(RICHMOND, VA)—In a major step forward, for the first time Virginia would set a deadline for farmers to install key conservation practices that lead to healthier waterways and benefit farmers under legislation being considered in the General Assembly. The Chesapeake Bay Foundation (CBF) is supporting Del. Ken Plum’s H.B. 1422 and State Sen. Monty Mason’s S.B. 704.
Governor Ralph Northam called for this legislation in Virginia’s watershed implementation plan released last year, which detailed actions needed for Virginia to meet its pollution-reduction commitments. The bills would set a July 1, 2026, deadline for farmers to fence cattle from all permanent streams and implement nutrient management plans on cropland. These practices have major benefits for clean water
“For years farmers have worked hard to clean up local streams and the Chesapeake Bay by installing farm conservation practices, which are the most cost-effective way to restore Virginia waterways,” said CBF Virginia Executive Director Peggy Sanner. “But a lot of work still remains to be done. Setting this deadline would be a major step towards Virginia finally achieving its commitments to reduce pollution under the Chesapeake Clean Water Blueprint.”
The legislation offers flexibility on several fronts. The deadline would apply only to farmers who own at least 20 cows or operate 50 acres of cropland in the Bay watershed. Less-expensive temporary fencing would be allowed. To pay for upfront costs, no-interest loans and grants are available. Farmers would not be found in violation if they apply for state agricultural cost-share funding to support the practice but have not received money by the deadline.
“Farmers are committed to following good conservation practices, but many can’t do it on their own. The legislation has been crafted to ensure no one will be penalized if the state does not provide enough funding to get the job done,” Sanner said. “Strong and steady investment in Virginia’s agricultural cost-share program is vital. We all reap the rewards of cleaner waterways.”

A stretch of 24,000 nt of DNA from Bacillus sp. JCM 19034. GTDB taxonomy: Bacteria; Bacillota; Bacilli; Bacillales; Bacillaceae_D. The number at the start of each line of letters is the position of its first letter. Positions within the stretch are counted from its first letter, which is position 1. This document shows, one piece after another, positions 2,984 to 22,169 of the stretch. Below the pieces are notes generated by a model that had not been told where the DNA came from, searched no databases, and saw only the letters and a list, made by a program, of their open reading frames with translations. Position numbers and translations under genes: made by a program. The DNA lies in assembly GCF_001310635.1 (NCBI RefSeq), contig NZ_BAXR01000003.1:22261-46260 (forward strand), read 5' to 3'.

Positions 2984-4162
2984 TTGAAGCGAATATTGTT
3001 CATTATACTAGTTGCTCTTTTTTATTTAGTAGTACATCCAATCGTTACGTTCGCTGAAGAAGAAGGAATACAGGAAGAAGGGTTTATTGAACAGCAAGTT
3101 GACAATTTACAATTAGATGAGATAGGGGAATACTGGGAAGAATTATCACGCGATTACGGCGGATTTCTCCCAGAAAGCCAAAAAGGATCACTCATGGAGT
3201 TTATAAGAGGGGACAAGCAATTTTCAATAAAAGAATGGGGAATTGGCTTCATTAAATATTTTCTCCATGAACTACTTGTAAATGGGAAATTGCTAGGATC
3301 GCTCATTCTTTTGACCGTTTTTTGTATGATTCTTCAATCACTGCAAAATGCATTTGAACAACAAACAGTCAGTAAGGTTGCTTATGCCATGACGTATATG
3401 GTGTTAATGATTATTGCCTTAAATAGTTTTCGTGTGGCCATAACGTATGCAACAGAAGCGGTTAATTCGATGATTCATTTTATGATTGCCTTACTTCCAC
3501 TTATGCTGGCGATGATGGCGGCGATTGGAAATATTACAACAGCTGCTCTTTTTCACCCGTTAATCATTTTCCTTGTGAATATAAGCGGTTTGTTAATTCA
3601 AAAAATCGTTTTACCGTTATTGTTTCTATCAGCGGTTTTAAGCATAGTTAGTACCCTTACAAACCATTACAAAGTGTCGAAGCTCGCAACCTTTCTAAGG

On many Virginia farms, when cattle are allowed to wade in streams their feces contaminate local and downstream waters. Fencing cattle out of streams prevents this unhealthy situation. Protecting streams with fencing also keeps cattle from trampling streambanks, which creates erosion and muddy water.
These practices also benefit farmers and the local economy. Herds kept out of streams are healthier, as dirty water can lead to infections like mastitis and cattle can be injured after getting stuck in the mud. Cattle that drink cleaner water can produce more milk and gain more weight, leading to higher profits. Local businesses that install fencing, sell lumber and supplies, and raise trees, benefit from cost-share funding. Farmers spend less money on fertilizer when they use nutrient management plans as they avoid overapplying fertilizer.
Forrest Pritchard, who raises cattle and other livestock at Smith Meadows farm in Clarke County, Virginia, has experienced the benefits firsthand after protecting his farm’s streams with cost-share funding.
“Successful operators know that soil fertility is like money in the bank. After we fenced off our stream twenty years ago, we saw dramatic improvements in forage yields, moisture retention, and animal health,” Pritchard said. “With cost share, the choice was simple: keep that fertilizer working for us in the fields, and out of the watershed.”
The bills are expected to be considered before the Feb. 12 legislative crossover date by the Virginia House Committee on Agriculture, Chesapeake and Natural Resources and Virginia Senate Committee on Agriculture, Conservation, and Natural Resources.